Ken Fisher's Price-Sales Ratio Strategy
As the second earnings season of the year winds down, we're reminded of how much investors and the media focus on a company's profits and a stock's price-earnings ratio, the ubiquitous share valuation measure, says John Reese, editor of Validea — a service that assesses the strategies of legendary investors.
Price-earnings ratio, calculated by dividing a stock's per-share price by the amount of per-share earnings it generates, is used to give investors an idea of how much bang they're getting for their buck.
For decades, the P/E ratio has been the most frequently used and discussed stock analysis ratio and, in many newspapers, it's the only valuation metric included in their daily stock listings.
While P/E is indeed a key tool to use when evaluating whether a stock presents a good opportunity, investing guru and author Kenneth Fisher will tell you it definitely isn't the only measure worth considering.
In 1984, Fisher's book Super Stocks poked holes in the usefulness of the P/E ratio. His rationale: Even earnings of good companies can fluctuate significantly from year to year due to activities such as equipment replacement or facilities acquisitions, research and development costs, or even changes in accounting methods.
Fisher argued that a company's sales, on the other hand, were far more stable and a better way to gauge the strength of the underlying business.
He cut a new path for valuing stocks by using the price-sales ratio (PSR), which compares the total price of a company's stock to the total sales it generates.
Since he was a student of investor psychology, Fisher strongly believed that investors tend to raise expectations to unrealistic levels for companies that have periods of strong early growth.
But when these favored companies experience a setback such as reporting earnings below analysts' estimates (during earnings season, for example), investors can overreact and send the stock price plummeting.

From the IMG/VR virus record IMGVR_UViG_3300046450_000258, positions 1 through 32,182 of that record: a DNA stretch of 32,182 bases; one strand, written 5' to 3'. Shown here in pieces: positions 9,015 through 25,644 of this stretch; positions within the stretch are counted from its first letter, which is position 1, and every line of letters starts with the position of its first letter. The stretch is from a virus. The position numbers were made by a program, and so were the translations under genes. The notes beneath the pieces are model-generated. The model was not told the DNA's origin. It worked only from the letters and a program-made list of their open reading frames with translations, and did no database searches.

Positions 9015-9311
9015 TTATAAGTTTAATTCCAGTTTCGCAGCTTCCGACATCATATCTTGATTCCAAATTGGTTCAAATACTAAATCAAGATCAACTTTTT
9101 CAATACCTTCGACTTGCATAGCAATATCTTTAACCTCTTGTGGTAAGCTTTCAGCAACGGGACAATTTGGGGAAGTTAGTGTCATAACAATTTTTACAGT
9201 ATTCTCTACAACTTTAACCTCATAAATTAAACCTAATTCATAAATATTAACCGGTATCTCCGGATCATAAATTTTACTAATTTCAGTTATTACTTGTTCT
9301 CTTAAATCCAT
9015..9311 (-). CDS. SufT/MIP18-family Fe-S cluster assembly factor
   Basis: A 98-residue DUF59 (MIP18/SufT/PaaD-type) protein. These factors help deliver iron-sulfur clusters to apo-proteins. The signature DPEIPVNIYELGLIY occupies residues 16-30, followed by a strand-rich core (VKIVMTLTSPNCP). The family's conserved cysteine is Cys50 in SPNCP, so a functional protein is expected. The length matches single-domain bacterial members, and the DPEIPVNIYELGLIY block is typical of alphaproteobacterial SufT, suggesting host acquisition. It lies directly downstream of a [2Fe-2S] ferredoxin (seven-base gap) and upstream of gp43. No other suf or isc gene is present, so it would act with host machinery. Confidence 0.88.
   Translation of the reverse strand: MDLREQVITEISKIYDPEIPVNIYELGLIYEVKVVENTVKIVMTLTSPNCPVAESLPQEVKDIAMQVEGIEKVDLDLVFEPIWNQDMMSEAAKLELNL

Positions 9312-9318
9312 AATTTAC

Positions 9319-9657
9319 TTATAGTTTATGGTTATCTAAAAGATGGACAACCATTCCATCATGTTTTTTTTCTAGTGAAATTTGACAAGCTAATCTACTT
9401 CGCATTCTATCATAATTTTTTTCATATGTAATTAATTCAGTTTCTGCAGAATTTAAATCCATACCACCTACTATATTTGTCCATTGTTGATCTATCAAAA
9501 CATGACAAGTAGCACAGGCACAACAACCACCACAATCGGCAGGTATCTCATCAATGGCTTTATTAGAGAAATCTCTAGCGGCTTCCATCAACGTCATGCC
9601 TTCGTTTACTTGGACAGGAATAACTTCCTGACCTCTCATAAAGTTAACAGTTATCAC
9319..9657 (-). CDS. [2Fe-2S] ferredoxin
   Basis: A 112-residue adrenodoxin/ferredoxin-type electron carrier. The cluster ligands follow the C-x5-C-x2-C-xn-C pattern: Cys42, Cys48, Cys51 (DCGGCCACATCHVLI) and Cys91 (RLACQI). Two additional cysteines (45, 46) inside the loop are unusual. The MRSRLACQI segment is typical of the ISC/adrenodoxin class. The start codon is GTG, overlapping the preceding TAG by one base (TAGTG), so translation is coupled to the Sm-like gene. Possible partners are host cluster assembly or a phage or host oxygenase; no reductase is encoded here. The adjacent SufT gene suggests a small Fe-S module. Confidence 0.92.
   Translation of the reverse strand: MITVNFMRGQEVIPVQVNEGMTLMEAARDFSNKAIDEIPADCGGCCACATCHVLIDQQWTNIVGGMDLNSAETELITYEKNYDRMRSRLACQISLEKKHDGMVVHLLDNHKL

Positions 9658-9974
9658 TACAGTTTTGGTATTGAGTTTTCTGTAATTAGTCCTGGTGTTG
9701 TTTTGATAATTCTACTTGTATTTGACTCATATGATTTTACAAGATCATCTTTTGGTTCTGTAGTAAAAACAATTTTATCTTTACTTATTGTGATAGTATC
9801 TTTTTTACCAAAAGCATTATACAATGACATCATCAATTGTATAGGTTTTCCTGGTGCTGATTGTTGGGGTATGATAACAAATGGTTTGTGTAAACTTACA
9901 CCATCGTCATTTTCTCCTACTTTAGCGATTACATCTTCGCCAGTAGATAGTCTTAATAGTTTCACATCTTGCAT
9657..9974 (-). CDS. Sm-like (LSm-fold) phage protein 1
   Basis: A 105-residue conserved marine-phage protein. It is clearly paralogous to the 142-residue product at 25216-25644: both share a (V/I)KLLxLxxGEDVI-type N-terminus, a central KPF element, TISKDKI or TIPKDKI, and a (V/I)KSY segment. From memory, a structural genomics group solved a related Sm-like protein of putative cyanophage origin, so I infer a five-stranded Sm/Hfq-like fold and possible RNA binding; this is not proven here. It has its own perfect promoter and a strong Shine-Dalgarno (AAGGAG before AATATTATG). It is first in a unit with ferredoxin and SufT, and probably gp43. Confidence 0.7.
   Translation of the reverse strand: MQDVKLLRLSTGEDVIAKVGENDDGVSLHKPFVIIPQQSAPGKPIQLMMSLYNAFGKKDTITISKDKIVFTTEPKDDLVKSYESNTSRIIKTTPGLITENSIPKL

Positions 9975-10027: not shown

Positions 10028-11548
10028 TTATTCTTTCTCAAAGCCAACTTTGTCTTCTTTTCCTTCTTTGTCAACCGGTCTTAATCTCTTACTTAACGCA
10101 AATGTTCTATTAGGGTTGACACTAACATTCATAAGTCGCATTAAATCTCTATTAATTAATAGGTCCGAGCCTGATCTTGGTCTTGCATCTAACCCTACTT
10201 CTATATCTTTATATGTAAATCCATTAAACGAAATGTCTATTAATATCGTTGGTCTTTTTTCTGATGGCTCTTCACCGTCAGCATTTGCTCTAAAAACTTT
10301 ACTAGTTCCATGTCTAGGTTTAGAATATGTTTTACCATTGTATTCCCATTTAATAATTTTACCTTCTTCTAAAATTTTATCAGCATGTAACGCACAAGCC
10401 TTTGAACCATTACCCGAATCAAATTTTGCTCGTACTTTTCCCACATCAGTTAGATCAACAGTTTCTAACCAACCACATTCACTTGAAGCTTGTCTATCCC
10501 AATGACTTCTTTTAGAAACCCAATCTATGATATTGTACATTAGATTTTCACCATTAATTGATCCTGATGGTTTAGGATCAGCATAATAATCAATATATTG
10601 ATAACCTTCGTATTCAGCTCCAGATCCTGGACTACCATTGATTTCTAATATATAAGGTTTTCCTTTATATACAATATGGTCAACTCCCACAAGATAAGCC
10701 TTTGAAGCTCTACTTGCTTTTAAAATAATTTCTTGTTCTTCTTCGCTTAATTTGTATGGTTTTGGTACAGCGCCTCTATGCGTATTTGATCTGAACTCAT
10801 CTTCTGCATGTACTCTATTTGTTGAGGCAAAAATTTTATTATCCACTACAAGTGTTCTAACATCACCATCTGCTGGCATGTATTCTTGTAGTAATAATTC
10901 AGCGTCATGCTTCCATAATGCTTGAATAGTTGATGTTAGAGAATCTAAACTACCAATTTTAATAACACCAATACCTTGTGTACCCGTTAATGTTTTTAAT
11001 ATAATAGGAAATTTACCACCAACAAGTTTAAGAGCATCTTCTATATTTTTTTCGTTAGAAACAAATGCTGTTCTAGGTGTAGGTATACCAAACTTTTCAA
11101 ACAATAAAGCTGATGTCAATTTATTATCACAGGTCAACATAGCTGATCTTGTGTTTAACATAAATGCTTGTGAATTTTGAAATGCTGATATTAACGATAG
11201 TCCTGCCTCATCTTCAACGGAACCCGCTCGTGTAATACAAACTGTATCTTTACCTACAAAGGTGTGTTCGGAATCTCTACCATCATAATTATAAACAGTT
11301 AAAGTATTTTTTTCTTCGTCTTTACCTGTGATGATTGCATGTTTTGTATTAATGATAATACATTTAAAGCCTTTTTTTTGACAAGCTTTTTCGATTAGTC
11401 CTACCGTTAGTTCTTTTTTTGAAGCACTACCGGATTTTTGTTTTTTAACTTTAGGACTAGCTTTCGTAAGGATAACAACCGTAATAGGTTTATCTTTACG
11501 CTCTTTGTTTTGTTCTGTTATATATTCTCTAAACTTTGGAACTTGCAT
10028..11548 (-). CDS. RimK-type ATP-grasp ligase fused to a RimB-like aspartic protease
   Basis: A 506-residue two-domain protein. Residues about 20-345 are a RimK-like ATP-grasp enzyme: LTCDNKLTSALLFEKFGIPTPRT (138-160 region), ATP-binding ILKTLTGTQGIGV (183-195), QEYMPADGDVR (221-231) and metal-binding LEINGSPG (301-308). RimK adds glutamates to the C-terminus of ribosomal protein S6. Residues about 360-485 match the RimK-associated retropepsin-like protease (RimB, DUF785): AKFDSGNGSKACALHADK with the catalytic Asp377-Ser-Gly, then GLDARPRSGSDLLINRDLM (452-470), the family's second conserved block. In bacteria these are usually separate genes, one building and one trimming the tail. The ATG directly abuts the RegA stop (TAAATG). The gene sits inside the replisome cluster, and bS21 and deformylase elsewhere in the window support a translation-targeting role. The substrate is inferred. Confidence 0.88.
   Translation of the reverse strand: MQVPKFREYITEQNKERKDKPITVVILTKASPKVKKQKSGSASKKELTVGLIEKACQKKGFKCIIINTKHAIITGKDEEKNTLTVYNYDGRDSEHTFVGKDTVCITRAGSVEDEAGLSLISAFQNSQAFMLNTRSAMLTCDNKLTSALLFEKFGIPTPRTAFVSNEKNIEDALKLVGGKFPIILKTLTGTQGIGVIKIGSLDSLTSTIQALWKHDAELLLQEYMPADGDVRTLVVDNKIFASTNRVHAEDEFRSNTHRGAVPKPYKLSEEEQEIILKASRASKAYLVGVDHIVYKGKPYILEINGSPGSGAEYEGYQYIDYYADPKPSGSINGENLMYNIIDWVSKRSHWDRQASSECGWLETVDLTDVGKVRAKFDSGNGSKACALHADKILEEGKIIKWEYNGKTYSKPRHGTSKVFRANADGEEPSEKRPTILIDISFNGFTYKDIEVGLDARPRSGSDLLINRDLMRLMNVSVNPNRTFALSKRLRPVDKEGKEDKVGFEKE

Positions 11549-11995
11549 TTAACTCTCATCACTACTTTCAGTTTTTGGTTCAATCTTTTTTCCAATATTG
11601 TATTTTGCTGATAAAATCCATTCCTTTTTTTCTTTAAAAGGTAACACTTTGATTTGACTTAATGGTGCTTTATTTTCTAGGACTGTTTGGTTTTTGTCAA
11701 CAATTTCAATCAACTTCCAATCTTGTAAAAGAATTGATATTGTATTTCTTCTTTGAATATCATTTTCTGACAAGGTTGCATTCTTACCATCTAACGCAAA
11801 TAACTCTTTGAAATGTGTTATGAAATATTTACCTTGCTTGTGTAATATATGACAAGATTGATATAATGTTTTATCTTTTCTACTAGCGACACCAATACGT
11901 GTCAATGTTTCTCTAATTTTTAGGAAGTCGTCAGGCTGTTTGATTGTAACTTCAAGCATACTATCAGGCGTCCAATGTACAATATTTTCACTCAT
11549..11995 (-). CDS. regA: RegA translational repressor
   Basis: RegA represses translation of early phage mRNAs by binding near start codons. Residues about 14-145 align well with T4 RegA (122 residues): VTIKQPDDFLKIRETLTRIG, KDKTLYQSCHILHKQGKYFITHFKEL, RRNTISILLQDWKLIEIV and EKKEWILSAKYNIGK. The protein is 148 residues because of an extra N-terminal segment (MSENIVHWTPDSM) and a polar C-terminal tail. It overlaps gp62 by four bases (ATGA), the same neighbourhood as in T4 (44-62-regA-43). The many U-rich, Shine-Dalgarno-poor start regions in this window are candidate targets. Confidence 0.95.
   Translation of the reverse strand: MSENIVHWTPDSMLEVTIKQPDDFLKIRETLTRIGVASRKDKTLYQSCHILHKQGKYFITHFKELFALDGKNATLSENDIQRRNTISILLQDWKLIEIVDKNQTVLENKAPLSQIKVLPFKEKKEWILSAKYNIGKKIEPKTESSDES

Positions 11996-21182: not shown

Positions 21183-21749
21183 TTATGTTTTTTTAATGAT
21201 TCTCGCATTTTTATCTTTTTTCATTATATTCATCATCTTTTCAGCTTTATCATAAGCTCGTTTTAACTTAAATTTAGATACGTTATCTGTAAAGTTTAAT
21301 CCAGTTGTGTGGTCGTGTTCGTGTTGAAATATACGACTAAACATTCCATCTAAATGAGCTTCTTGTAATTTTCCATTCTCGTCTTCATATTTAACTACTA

Fisher, however, believed this to be part of a company's maturation process, and that a strong management team would be able to identify and correct any issues. The investor able to target such companies, according to Fisher, could make a bundle.
By looking at sales, according to Fisher, an investor could find opportunities in the form of companies that are operating at a loss and have low PSR's but still have good prospects for growth (such companies wouldn't have P/E ratios as earnings would be less than zero).
In Super Stocks, Fisher defined PSR as the total market value of a company (total number of shares multiplied by stock price, or market capitalization) divided by the last 12 months' corporate sales.
In his book, Fisher explained his thought process as follows: "To buy stocks successfully, you need to price them based on causes, not results. The causes are business conditions-products with a cost structure allowing for sales. The results flow from there-profits, profit margins and, finally, earnings per share."
The following are the PSR benchmarks that Fisher outlined in his book (and are the same values we use in our Fisher-based stock screening model). Note: While PSR is at the center of the Fisher strategy, he also analyzed debt-equity ratios, free cash-per-share, profit margins, and EPS growth rates:
For non-cyclical and technology stocks:
Best case: PSR of 0.75 or below
Good value: PSR of above 0.75 and below 1.5
For cyclical stocks:
Best case: PSR of 0.4 or below
Good value: PSR greater than 0.4 and less than or equal to 0.8
Here's five stocks in our Fisher-inspired model portfolio with a high 90% ranking based on the Fisher strategy: Foot Locker (FL), ManpowerGroup (MAN), Magna International (MGA), Omega Protein (OME) and Cooper Tire & Rubber (CTB).